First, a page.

New Zealand Parliament Pāremata Aotearoa

What are electorates?

Published date: 17 Apr 2020

An electorate is like a suburb, except there’s only 72 of them in New Zealand and they are used for just one thing.

Read on to find out more about electorates and the role they play in elections.

Electoral profiles Enlarge image

There are 72 electorates in New Zealand, including Māori and general electorates.

Source: Parliamentary Service

An electorate is a geographic area that is only used for one thing: voting in elections.

One of the votes you cast in the 2020 general election will be for a candidate to represent your electorate in Parliament. The candidate who wins the most votes becomes your local member of Parliament.

All of New Zealand is covered by a general electorate and a Māori electorate. Electorates can be very different sizes as their boundaries are decided by the population living within the electorate, rather than covering a certain geographic area. For example, each of Auckland’s 20 electorates will have the same number of people living within them as the West-Coast Tasman electorate, which covers almost the entire length of the South Island’s west coast.

In the 2020 general election, there will be seven Māori electorates and 65 general electorates—including one new electorate in Auckland.

You can read more about each of New Zealand’s electorates here.

How do I find my electorate?

Use the maps on the Elections New Zealand website to find out which electorate you live in.

What is an electorate MP?

The job of an electorate MP is to keep up with local issues, represent their voting district, and argue on behalf of local causes within Parliament.

MPs have offices in their electorates where constituents can go to speak with their MP about local issues, concerns, or to learn more about legislation, and government policies.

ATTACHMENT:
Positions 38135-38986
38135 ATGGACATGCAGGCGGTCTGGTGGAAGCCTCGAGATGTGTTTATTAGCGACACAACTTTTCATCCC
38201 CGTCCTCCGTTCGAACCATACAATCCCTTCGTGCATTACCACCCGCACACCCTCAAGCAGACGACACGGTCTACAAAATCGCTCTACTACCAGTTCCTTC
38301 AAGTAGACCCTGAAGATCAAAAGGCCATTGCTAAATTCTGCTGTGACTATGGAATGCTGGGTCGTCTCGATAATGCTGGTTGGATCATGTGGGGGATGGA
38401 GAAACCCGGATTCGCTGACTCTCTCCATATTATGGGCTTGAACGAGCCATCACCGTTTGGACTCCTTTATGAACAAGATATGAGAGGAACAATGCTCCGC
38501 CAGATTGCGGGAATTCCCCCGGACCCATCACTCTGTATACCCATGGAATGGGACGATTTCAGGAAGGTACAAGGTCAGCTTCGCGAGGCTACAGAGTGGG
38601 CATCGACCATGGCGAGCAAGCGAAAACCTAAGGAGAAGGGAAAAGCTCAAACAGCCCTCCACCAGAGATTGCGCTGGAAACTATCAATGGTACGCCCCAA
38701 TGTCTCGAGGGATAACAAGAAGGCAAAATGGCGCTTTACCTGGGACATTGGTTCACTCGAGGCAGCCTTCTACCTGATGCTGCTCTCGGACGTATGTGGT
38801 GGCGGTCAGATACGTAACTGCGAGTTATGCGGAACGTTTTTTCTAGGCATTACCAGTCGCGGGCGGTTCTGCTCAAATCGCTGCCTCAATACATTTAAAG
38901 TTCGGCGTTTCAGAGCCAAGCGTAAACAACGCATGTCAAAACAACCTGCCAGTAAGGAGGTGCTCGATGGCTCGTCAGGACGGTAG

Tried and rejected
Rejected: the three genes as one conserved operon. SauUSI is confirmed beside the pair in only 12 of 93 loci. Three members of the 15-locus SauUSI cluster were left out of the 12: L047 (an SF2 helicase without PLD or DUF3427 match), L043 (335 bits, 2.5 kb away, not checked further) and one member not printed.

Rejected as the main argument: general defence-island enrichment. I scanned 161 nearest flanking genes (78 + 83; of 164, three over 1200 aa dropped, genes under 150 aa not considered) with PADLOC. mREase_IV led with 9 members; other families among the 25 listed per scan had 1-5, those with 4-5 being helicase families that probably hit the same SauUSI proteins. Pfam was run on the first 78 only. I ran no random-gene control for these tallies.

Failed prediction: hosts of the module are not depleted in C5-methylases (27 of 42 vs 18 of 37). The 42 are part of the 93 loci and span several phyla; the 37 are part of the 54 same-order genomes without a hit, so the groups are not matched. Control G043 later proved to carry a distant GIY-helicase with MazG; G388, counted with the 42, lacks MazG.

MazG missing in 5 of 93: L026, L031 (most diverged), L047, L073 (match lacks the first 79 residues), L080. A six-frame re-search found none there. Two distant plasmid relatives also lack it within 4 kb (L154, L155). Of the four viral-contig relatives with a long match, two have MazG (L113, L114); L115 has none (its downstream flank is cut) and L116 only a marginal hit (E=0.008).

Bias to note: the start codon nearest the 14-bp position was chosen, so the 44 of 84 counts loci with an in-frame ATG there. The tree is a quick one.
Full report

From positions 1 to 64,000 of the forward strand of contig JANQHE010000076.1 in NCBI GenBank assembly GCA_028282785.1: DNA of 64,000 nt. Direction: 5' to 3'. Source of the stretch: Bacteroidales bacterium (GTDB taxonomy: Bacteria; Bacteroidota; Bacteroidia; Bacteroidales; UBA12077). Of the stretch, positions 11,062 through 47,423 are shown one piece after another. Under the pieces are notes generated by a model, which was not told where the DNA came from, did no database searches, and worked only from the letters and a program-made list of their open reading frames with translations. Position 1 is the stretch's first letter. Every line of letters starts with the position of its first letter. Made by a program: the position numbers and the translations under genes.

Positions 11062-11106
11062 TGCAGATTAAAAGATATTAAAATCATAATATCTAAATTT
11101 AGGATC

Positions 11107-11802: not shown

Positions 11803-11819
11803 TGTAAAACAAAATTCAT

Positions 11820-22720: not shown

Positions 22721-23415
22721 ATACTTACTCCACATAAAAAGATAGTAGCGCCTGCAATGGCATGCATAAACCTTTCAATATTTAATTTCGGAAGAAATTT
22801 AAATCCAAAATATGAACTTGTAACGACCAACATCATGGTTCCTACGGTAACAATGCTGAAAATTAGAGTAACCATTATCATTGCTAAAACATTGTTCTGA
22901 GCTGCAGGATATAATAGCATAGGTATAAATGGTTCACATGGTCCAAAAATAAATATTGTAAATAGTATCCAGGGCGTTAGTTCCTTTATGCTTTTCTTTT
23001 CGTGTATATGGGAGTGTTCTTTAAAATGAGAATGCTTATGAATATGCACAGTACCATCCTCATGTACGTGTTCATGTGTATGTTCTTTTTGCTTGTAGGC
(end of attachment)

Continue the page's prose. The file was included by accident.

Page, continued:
List MPs also work to represent local communities, especially in areas where their party has no electorate MP.

Find out how to contact your electorate or list MP here.

Are there different types of electorates? 

General Electorates

Voters have to be on the general roll to vote in their general electorate. Any candidate can contest a general electorate, and to be elected they must gain a plurality of the votes cast.

Māori Electorates

If you’re of Māori descent, you can choose to vote in either your Māori electorate or your general electorate by enrolling on either the general or Māori roll.

Māori electorates which can be contested by candidates of any ethnicity, and who are enrolled on either the general or Māori roll.

Find out more about the difference between the general and Māori rolls here.

Why is my electorate changing in 2020?

Every five years, the number of electorates and their boundaries are reviewed to make sure each electorate has the same population. 

The 2019-20 review showed the population of every electorate in New Zealand had grown, so the boundaries of 35 electorates (including five Māori electorates) will be adjusted to balance the number of people in each.

The biggest areas of change are in the Auckland region, Waikato, Christchurch, Otago, and Southland. There will be one new general electorate in south Auckland — Takanini — due to population growth. There are name changes for 11 electorates. 

To find out more, read about the boundary review here.